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 Table of Contents  
Year : 2015  |  Volume : 7  |  Issue : 4  |  Page : 300-303  

Antimicrobial activity of aqueous and organic extracts of a Saudi medicinal plant: Rumex nervosus

1 Department of Research, Prince Sultan Military Medical City, Riyadh, Kingdom of Saudi Arabia
2 Department of ENT, Prince Sultan Military Medical City, Riyadh, Kingdom of Saudi Arabia
3 Department of Research,Pharmacy, Prince Sultan Military Medical City, Riyadh, Kingdom of Saudi Arabia
4 Department of Dermatology, Prince Sultan Military Medical City, Riyadh, Kingdom of Saudi Arabia, Kingdom of Saudi Arabia

Date of Submission15-Apr-2014
Date of Decision07-Jan-2015
Date of Acceptance15-Feb-2015
Date of Web Publication23-Oct-2015

Correspondence Address:
Abdul Rahman K Al-Asmari
Department of Research, Prince Sultan Military Medical City, Riyadh
Kingdom of Saudi Arabia
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Source of Support: None, Conflict of Interest: None

DOI: 10.4103/0975-7406.168031

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Objective: The antimicrobial effect of aerial part of Rumex nervosus obtained from the Southern region of Saudi Arabia was evaluated on bacterial strains Staphylococcus aureus, methicillin resistant S. aureus, Enterococcus faecalis, Escherichia coli, Pseudomonas Aeruginosa, and fungal strain Candida albicans. Materials and Methods: The solvents used for the extraction were aqueous, hexane, and methanol. The in vitro antimicrobial activity was performed by agar diffusion and disk diffusion methods and the confirmation of this activity was done by the enumeration of colony forming units (CFU). Results: The aqueous extract showed the growth inhibitory effect on Gram-positive bacteria while the Gram-negative P. aeruginosa was the most sensitive microorganism as determined by the agar diffusion technique. Surprisingly, the extract showed little antibacterial activity on other Gram-negative bacteria (E. coli) by this technique. Ethanolic extract was also found to be inhibitory to the growth of microorganisms. Hexane extract was relatively low in antimicrobial activity on Gram-negative E. coli and P. aeruginosa, while both the organic extracts were inhibitory to the growth of the fungus, C. albicans. Hexane gave no conclusive results with agar or disk diffusion methods, but showed the microbial growth inhibition in CFU enumeration. The antibacterial activity of active extracts was compared with vancomycin while antifungal activity of was compared with amphotericin B. Conclusion: The results obtained in the present study suggest that R. nervosus showed a marked antimicrobial activity with the test organisms.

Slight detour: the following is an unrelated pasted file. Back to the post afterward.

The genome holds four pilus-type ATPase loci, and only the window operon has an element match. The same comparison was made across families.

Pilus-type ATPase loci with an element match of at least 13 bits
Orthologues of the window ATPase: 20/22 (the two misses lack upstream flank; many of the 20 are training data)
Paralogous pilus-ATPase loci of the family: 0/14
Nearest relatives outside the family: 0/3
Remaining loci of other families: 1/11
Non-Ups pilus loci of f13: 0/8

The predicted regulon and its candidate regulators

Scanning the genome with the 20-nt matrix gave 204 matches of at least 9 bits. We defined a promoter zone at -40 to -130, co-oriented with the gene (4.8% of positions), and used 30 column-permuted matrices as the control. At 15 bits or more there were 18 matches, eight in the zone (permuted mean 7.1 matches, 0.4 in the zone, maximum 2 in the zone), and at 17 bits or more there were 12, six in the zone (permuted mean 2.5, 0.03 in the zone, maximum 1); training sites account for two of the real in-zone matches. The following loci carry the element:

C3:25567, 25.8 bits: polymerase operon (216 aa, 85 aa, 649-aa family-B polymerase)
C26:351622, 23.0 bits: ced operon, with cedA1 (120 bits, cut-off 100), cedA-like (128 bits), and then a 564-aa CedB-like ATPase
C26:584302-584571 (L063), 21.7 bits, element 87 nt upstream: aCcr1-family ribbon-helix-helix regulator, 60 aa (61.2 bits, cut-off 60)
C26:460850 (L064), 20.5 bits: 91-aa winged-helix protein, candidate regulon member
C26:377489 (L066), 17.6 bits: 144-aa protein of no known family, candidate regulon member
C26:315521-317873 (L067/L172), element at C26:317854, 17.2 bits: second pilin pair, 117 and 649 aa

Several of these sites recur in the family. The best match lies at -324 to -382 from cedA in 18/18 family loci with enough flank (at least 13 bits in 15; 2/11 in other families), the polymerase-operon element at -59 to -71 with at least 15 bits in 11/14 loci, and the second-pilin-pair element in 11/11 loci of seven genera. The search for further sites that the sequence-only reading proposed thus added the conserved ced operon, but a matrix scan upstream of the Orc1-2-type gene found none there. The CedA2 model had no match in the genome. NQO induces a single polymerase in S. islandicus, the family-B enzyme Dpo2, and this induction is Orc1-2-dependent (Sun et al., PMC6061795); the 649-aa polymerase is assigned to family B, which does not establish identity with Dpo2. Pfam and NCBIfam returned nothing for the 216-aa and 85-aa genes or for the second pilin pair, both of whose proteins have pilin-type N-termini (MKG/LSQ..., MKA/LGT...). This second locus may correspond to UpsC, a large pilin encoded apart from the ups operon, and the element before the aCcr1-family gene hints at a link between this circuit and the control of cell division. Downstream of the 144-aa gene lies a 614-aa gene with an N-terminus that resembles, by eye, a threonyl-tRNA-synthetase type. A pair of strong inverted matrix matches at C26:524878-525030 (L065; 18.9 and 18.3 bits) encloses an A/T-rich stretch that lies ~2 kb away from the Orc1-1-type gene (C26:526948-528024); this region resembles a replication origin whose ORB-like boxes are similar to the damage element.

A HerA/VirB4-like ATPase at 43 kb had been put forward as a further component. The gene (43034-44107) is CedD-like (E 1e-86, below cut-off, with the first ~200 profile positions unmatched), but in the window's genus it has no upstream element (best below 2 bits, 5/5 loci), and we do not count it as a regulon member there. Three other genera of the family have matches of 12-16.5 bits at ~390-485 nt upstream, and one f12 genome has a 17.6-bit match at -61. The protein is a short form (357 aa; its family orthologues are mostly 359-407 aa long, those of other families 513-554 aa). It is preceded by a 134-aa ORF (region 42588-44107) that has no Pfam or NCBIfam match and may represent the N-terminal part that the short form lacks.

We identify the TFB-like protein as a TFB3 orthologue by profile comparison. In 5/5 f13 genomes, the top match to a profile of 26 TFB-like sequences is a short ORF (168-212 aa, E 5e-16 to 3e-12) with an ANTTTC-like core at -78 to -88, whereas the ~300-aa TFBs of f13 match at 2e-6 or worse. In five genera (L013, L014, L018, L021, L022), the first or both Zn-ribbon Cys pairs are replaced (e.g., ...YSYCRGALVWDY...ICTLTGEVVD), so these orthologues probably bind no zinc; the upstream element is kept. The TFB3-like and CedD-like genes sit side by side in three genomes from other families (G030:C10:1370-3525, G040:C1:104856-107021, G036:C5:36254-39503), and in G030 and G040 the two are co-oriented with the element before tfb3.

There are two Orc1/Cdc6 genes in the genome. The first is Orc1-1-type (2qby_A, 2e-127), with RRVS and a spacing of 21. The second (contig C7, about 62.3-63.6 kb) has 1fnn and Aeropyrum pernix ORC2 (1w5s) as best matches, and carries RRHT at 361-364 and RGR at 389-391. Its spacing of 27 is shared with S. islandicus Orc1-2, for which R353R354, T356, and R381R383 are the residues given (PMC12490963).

Keywords: Antimicrobial activity, Rumex nervosus, Saudi medicinal plant

How to cite this article:
Al-Asmari AK, Siddiqui YM, Athar MT, Al-Buraidi A, Al-Eid A S, Horaib GB. Antimicrobial activity of aqueous and organic extracts of a Saudi medicinal plant: Rumex nervosus. J Pharm Bioall Sci 2015;7:300-3

How to cite this URL:
Al-Asmari AK, Siddiqui YM, Athar MT, Al-Buraidi A, Al-Eid A S, Horaib GB. Antimicrobial activity of aqueous and organic extracts of a Saudi medicinal plant: Rumex nervosus. J Pharm Bioall Sci [serial online] 2015 [cited 2022 Aug 16];7:300-3. Available from:

The plant Rumex nervosus is abundantly found in the Southern region of Saudi Arabia. It contains flavonoids, anthraquinones, and gallic acid. The leaves of R. nervosus are used to treat the skin rashes and the young leaves with the tender shoots are eaten by the Shepard after they are roasted over open fire to reduce the acid content.[1] The charcoal made after the burning of stem is mixed with egg yolk to be used as a nursing for the burns and sometimes butter is added to save from flaking and drying of the burn wound. The genus Rumex includes many edible plants, and their medicinal importance was investigated by many investigators toward a number of bacterial, viral, and chlamydial infections.[2],[3],[4] Teklehaymanot et al. reported the use of this plant as anti-dysentery, cure for stomach ache, and effective treatment of warts.[5] The methanolic extract of the root and leaves of this plant was also found to be effective in the treatment of helminthiasis [6] and diarrhea induced in mice.[7] Other plants belonging to the genus Rumex are also used as anti-tumor agents in different tumor cell lines from colon, ovary, melanoma, breast, and central nervous system.[8],[9]

The aim of this study was to investigate the antimicrobial activity of extracts from medicinal plant R. nervosus used in folk medicine. A comparative study of the antimicrobial properties of extracts obtained by three different methods was reported in order to assure the most potent extract.

   Materials and Methods Top

Plant material

The aerial parts of the plant were procured from Asir region of Kingdom of Saudi Arabia. It was identified and a voucher specimen has been kept for future reference. The plant was air dried and made into a coarse powder in a grinder.

Preparation of aqueous extract